Video at night with no lights

I am gearing up for field research beginning this fall. The goal is to grack and video large schools of bonefish as they move offshore to spawn. On the one hand, this is great because they spawn offshore in clear, tropical water. On the other hand, this is a huge challenge because they spawn at night (though usually on a full moon), at about 60m depth. I am searching for input on options for video under these conditions. I can’t use flood lights because this will spook the fish (a ball of 10,000 silver, 5 to10 pound fish in the open ocean at night is already spooky without lights). I have been thinking about perhaps revising the camera on a Trident to infrared. That would void the warranty, but if it works it would be worth the risk. Any ideas, input, advice appreciated.

Fish are cold blooded so probably won’t show on infra red as they emit negligible heat.

Also, infrared light is heavily attenuated in water so it wouldn’t work for that reason either. This is a very cool mission! I wish I could think of a quick and easy solution for you. Have you seen the episode in Blue Planet II where they use extremely light-sensitive cameras to film rays swimming at night through bioluminescent plankton? Nature is amazing!!!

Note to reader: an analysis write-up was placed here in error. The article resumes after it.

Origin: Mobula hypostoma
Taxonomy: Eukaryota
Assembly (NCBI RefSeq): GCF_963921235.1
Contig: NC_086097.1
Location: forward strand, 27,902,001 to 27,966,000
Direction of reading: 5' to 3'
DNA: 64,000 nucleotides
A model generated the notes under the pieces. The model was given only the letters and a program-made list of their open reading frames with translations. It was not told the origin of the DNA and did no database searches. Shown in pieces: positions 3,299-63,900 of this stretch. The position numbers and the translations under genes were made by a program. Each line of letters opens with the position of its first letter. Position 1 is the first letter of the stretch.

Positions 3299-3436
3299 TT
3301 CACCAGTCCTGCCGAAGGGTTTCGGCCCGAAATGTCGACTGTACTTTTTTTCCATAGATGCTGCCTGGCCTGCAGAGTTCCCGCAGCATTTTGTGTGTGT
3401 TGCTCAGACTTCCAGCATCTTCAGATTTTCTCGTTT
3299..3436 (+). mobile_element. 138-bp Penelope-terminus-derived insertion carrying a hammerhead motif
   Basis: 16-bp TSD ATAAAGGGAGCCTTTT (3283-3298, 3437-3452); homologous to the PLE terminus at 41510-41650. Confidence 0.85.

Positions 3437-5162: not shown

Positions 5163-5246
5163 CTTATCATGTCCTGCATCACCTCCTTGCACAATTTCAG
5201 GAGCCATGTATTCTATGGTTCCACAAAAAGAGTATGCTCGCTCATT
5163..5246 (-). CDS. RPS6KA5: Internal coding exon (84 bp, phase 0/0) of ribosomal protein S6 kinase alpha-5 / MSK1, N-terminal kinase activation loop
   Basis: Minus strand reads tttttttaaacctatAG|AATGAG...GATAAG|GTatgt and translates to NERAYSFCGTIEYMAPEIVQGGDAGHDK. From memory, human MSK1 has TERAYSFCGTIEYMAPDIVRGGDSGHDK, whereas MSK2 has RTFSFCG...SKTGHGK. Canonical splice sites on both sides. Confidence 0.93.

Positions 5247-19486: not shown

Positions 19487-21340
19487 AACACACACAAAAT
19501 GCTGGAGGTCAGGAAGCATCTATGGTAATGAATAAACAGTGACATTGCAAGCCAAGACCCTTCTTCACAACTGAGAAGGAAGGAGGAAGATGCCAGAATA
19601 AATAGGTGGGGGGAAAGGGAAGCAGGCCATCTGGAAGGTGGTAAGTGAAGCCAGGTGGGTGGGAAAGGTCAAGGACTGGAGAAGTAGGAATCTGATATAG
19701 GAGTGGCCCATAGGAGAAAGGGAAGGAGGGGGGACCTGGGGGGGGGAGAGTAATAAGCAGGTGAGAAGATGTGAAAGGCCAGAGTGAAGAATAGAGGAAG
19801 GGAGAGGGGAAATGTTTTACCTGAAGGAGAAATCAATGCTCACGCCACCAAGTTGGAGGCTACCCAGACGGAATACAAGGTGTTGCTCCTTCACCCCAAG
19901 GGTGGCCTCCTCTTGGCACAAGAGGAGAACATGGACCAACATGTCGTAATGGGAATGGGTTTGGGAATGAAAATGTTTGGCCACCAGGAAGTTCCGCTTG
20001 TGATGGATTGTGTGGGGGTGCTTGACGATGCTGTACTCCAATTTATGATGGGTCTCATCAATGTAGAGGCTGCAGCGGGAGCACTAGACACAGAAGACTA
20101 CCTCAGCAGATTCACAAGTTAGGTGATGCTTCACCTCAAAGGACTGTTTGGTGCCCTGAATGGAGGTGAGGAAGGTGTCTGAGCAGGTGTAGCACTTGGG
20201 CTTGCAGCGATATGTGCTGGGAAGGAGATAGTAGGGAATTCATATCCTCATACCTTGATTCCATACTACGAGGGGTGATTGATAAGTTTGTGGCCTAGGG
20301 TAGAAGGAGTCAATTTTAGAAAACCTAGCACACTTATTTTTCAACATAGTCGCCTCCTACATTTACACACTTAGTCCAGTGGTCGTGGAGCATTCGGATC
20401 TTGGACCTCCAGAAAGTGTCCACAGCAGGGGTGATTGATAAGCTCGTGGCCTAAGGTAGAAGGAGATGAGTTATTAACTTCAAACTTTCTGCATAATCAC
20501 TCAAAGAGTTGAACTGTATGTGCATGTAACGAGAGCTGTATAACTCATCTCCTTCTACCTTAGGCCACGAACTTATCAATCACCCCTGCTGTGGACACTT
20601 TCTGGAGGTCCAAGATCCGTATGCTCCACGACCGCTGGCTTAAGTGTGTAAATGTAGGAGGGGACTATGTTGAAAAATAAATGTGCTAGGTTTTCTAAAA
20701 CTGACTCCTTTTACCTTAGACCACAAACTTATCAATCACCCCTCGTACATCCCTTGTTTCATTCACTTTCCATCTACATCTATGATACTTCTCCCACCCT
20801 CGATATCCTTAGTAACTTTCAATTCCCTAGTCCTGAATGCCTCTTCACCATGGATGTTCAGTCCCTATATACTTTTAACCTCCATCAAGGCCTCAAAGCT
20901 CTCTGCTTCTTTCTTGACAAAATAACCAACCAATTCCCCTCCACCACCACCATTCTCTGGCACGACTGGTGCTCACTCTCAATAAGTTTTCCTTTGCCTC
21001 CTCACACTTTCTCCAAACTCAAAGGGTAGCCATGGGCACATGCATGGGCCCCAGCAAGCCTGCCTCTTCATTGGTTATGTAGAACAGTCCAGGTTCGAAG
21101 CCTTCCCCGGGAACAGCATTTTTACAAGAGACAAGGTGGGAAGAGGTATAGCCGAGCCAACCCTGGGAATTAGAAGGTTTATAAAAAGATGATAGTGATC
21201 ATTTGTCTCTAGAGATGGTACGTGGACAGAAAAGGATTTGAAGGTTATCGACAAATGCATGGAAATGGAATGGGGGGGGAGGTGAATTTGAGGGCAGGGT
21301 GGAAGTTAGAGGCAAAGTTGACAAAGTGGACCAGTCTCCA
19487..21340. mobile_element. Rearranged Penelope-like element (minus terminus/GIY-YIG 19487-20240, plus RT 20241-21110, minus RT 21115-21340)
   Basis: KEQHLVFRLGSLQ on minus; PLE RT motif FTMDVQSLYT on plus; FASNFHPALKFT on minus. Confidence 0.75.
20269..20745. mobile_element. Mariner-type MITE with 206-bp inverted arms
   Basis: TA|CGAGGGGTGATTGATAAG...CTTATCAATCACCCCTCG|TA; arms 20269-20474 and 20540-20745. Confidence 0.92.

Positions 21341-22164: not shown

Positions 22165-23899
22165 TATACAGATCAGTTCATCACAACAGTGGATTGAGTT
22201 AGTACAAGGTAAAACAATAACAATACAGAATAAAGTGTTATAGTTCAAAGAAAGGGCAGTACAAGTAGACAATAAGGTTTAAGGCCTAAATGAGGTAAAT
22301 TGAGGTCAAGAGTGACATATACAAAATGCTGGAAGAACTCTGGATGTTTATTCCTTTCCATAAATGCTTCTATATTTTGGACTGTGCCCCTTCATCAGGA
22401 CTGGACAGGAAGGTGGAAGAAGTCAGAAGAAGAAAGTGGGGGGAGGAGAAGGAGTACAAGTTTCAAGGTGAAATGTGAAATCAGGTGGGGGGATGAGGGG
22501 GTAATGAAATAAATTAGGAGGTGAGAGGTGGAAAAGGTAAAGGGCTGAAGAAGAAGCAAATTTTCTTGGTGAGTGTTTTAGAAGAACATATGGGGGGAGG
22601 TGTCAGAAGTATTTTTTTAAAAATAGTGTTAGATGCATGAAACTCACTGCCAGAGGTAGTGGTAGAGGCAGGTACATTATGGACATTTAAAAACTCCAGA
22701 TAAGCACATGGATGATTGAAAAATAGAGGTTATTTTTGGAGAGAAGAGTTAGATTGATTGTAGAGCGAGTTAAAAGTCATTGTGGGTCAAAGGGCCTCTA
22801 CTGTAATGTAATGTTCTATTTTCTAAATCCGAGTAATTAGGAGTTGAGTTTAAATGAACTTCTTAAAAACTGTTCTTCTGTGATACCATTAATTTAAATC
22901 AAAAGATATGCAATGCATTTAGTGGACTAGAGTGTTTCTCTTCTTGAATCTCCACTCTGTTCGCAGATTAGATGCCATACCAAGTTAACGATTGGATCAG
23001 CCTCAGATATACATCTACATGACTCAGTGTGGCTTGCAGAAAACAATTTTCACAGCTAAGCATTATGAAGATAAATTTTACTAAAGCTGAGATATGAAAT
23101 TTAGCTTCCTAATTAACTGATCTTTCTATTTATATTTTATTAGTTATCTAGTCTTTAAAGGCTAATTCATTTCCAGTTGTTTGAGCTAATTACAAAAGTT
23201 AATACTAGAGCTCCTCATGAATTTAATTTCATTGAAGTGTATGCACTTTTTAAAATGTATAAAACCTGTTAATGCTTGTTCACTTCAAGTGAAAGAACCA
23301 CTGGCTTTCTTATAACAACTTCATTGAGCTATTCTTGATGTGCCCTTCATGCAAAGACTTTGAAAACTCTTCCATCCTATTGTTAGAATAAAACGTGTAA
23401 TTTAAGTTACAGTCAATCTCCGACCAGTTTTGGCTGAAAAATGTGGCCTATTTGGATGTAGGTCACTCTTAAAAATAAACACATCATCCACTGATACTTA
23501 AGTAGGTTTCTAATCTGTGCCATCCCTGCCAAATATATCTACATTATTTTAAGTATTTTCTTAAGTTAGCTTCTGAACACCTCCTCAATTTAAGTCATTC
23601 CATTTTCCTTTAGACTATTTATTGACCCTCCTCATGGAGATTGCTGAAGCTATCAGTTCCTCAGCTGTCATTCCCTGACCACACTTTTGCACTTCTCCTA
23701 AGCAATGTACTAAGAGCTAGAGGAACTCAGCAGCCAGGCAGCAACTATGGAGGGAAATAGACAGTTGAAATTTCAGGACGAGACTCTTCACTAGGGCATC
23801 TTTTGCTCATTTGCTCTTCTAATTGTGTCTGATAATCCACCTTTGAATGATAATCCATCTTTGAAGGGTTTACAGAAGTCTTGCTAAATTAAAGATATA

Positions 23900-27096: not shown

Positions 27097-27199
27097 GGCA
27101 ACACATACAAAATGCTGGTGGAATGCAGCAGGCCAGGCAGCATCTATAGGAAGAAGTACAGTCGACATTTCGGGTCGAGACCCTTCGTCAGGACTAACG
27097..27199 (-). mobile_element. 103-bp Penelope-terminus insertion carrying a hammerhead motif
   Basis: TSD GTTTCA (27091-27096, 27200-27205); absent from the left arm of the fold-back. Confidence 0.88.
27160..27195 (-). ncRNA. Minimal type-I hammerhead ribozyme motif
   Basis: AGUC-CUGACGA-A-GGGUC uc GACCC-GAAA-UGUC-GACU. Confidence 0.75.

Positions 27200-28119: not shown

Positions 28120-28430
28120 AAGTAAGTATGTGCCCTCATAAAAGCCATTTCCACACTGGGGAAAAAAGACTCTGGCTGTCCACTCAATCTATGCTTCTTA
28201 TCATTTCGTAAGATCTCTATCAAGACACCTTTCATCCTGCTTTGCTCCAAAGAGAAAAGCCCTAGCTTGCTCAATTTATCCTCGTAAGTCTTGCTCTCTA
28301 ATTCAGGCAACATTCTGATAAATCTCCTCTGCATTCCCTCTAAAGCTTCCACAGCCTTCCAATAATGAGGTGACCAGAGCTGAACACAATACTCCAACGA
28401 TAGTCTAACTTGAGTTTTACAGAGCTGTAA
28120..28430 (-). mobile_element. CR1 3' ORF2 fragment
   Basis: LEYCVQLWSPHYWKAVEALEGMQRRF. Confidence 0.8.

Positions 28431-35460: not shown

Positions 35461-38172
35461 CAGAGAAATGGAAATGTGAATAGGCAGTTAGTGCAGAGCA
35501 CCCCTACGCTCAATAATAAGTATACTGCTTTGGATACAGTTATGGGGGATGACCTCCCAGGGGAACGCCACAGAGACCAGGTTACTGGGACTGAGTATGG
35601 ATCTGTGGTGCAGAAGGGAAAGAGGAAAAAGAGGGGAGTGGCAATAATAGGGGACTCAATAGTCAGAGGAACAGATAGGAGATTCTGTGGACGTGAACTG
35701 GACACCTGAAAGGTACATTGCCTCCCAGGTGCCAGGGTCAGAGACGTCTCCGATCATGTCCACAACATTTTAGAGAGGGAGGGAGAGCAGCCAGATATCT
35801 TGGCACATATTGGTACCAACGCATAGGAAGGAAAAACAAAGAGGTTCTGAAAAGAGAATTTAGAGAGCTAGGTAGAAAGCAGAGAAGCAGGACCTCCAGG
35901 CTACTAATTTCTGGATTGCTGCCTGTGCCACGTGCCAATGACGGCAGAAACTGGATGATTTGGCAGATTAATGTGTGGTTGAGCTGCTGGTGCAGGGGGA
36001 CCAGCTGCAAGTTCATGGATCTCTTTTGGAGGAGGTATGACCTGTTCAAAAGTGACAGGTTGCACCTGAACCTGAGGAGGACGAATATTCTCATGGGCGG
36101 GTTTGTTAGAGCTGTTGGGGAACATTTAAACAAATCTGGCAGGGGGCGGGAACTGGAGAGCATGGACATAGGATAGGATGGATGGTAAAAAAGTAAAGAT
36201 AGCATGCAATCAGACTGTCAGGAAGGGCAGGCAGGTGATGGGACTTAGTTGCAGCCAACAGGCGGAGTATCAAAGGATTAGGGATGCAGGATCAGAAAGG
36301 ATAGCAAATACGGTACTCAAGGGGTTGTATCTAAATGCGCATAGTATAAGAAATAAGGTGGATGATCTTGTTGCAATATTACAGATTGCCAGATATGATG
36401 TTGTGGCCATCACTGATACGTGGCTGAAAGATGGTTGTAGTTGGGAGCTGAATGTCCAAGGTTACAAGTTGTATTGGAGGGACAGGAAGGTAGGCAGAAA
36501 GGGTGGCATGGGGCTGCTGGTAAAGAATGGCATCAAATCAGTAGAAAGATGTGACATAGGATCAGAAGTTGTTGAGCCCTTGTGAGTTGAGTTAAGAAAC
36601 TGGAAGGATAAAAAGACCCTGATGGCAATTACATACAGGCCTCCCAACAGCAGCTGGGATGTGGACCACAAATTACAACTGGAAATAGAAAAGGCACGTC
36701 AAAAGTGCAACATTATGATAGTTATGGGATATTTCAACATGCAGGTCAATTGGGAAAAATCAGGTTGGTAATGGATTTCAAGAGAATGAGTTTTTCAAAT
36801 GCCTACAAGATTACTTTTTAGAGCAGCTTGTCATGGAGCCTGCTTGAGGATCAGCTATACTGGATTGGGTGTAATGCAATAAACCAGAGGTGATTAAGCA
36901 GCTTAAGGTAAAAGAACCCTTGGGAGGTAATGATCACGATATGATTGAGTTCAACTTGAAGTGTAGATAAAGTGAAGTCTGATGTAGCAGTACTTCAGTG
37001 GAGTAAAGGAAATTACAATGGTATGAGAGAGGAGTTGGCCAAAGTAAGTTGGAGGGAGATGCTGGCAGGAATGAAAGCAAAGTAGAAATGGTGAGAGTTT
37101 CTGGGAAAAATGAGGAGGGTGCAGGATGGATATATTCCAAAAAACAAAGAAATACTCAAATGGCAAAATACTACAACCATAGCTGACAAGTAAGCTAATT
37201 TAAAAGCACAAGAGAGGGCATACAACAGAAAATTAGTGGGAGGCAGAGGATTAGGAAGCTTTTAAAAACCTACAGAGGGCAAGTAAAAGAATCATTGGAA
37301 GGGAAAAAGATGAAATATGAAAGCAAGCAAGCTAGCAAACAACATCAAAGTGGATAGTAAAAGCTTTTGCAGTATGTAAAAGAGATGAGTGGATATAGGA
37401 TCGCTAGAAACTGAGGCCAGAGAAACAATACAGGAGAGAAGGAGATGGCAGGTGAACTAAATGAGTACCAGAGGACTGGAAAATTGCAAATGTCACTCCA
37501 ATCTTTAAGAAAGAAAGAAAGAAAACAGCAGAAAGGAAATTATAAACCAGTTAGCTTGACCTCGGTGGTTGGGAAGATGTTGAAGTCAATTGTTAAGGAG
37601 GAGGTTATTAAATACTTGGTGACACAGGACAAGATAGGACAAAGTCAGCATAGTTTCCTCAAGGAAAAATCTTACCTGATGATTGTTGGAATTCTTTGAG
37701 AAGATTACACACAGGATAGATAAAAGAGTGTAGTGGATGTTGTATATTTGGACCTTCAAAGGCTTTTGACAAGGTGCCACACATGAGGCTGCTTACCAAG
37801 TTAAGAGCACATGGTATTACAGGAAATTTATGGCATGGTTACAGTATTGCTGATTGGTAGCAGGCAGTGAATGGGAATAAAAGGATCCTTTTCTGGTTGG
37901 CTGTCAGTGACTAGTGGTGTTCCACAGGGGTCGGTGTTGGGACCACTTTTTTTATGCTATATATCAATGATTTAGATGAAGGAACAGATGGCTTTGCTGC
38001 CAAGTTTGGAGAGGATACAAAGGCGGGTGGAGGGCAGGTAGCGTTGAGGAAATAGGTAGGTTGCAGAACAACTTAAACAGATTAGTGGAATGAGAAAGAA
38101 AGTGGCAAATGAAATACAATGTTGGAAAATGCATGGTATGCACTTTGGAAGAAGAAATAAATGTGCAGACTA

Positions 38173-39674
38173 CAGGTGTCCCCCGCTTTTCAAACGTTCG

Thanks Jim and Eric. An ROV-mounted IR light would fix the cold-blooded fish challenge. But you are correct about IR being attenuated quickly in seawater - The ROV would have to right on top of the school of fish. The appeal to IR is that bonefish can’t see it. They do pretty well detecting the visible portions of the light spectrum.
The more I look into it the more I think I need to find a way to get super-sensitive cameras that get me an image in low light conditions.
It is a very cool (and challenging) mission! When we’ve tracked the school offshore at night, our boat has been circled by tiger sharks a couple of times, so no way we’re putting people in the water. If we can get footage, it will be the first, and will tell us a lot about their reproductive behaviors.
So I guess now I have to track down some of the experts who film things like the Blue Planet episodes.
Thanks for the input.